The challenges of Covid-19 have been well reported. Death, disease, and debilitation are the scariest.
Discombobulation also makes the list — nobody likes it when the entire world (more or less) gets turned upside-down. And distancing, too, is problematic. For many people, keeping apart from friends and non-immediate family has been the hardest part of coping with the pandemic.
So surely it follows that we all want Covid-19 to just go away? Well, herein lies the rub. It turns out that some of us couldn’t care less. Some of us, to use a technical term, are just assholes.
It could even be that pandemics serve to bring out our inner asshole. With other types of crises — earthquakes, hurricanes, and terrorist attacks — communities express their resilience by coming together in solidarity. People demonstrate in crowded streets, gather in one another’s homes, provide — literally — shoulders for each other to cry on. But not so in a pandemic.
In a pandemic, keeping away from other people is what’s really valued: crossing the street to avoid your neighbour, refusing to stop to talk to passers-by, and staying at home as much as possible.
Social distancing is an essential virtue and it’s important that we all engage in it. But it can feel a lot like “looking after number one”.
However, anti-lockdown agitators are always a minority. Opinion polls consistently show that most people favour more, rather than fewer, restrictions.
For most of us, social distancing is a necessary evil. But we might reasonably worry about its long-term effects. Quite apart from the mental health risks of loneliness, should we also consider the adverse impact on social cohesion and solidarity?
We know that Covid-19 has had a greater impact on the poor and the marginalised. Even at the best of times, these fellow citizens find themselves neglected. Now that we are spending all our time working from home, making our own sandwiches, and shopping online for house plants, might we be in danger of becoming even more morally inward-looking?
Perhaps a better technical term to refer to is “narcissist”. Narcissism is a standard psychological trait, and we all have a bit of it. Some of us have more of it than others. Around one-in-20 of us have enough to warrant a diagnosis of “Narcissistic Personality Disorder,” or NPD.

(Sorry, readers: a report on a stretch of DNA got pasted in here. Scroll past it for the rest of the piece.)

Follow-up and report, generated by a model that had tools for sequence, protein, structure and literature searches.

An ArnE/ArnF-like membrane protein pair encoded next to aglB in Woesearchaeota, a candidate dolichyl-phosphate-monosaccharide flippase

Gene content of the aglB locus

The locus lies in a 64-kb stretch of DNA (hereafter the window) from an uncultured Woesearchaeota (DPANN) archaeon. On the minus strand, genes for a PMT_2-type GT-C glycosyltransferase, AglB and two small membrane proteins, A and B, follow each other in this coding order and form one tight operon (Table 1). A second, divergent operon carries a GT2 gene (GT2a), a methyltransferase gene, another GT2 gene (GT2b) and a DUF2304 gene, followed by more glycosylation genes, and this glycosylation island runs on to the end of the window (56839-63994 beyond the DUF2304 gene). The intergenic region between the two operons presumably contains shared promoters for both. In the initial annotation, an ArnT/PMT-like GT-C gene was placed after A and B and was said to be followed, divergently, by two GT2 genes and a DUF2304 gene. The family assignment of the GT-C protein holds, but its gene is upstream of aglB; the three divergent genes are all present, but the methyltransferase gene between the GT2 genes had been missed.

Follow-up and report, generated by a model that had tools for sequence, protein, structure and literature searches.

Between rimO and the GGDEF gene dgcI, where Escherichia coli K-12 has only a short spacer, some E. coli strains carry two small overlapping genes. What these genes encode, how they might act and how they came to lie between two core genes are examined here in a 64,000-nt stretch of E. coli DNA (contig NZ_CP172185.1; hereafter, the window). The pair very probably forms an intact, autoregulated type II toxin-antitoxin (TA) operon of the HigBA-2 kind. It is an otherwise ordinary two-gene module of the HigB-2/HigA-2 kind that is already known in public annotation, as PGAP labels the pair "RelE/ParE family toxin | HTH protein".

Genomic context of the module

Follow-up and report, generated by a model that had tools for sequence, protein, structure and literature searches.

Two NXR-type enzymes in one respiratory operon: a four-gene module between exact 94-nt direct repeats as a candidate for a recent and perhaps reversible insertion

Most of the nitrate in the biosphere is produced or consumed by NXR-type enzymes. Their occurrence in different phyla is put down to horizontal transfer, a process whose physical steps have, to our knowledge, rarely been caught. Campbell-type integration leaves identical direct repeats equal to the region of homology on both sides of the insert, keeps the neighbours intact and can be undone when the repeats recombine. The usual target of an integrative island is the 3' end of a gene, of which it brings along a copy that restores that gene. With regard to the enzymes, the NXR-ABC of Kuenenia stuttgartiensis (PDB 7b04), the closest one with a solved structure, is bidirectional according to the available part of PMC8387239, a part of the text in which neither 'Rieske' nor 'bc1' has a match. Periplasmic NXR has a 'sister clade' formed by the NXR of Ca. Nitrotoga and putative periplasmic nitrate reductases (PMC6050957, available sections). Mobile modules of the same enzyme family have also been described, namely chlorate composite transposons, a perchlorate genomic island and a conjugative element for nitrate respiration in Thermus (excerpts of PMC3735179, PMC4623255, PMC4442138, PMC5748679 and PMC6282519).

However, not all narcissism is clinical. In fact, we might usefully ponder whether modern culture actively cultivates, and then encourages, narcissistic thinking. What we once thought of as problematic levels of selfishness may now comprise the standard template by which our everyday behaviour is judged.
Hyperbole is part of modern life. Our modern culture increasingly promotes extravagance of language, grandiosity of image, and the self-projection of status. We compete in a profile-conscious world awash with elevator pitches, skills statements, and corny LinkedIn testimonials.
Consider some of the clinical diagnostic features that define NPD: an exaggerated sense of self-importance; a need for constant admiration; an expectation of being recognised as high-achieving even without obvious achievements to warrant it; anger at being criticised; contempt towards out-groups; difficulty regulating emotion; and secret feelings of insecurity.
I don’t know about you, but that list reminds me a lot of Twitter.
The American philosopher Cornel West suggested our modern world has become a “hotel civilisation". We increasingly want to reside with people of our own choosing, to come and go as we please, and to have everything arranged to suit our wants and (self-perceived) needs. We crave — nay, demand — a life without unpleasantness or responsibility.
Many of history’s great global crises took place in much different times. If burgeoning narcissism really is baked into our modern world, then we might struggle to marshal the solidarity needed to flatten the Covid-19 curve.
Most people adopt health behaviours in response to personal risk, and many health behaviour interventions are based on this premise. However, pandemics serve to skew the underlying risk analysis. When risk is spread across the population, its impact on each person’s individual motivation is diffused.
Most currently healthy young and middle-aged adults (as well as children) are at relatively low risk from Covid-19. For them, taking action largely serves to protect other people in society. This makes prevention an act of altruism and good citizenship, rather than one of self-preservation.
The irony is that social distancing can create a mood where some people care less, rather than more, about things like altruism. Immersing ourselves in bubbles of personal security and scrolling through social media are harmful not only for our mental health.
Habits that promote narcissism should be resisted for many reasons. Not least for the greater good of the world.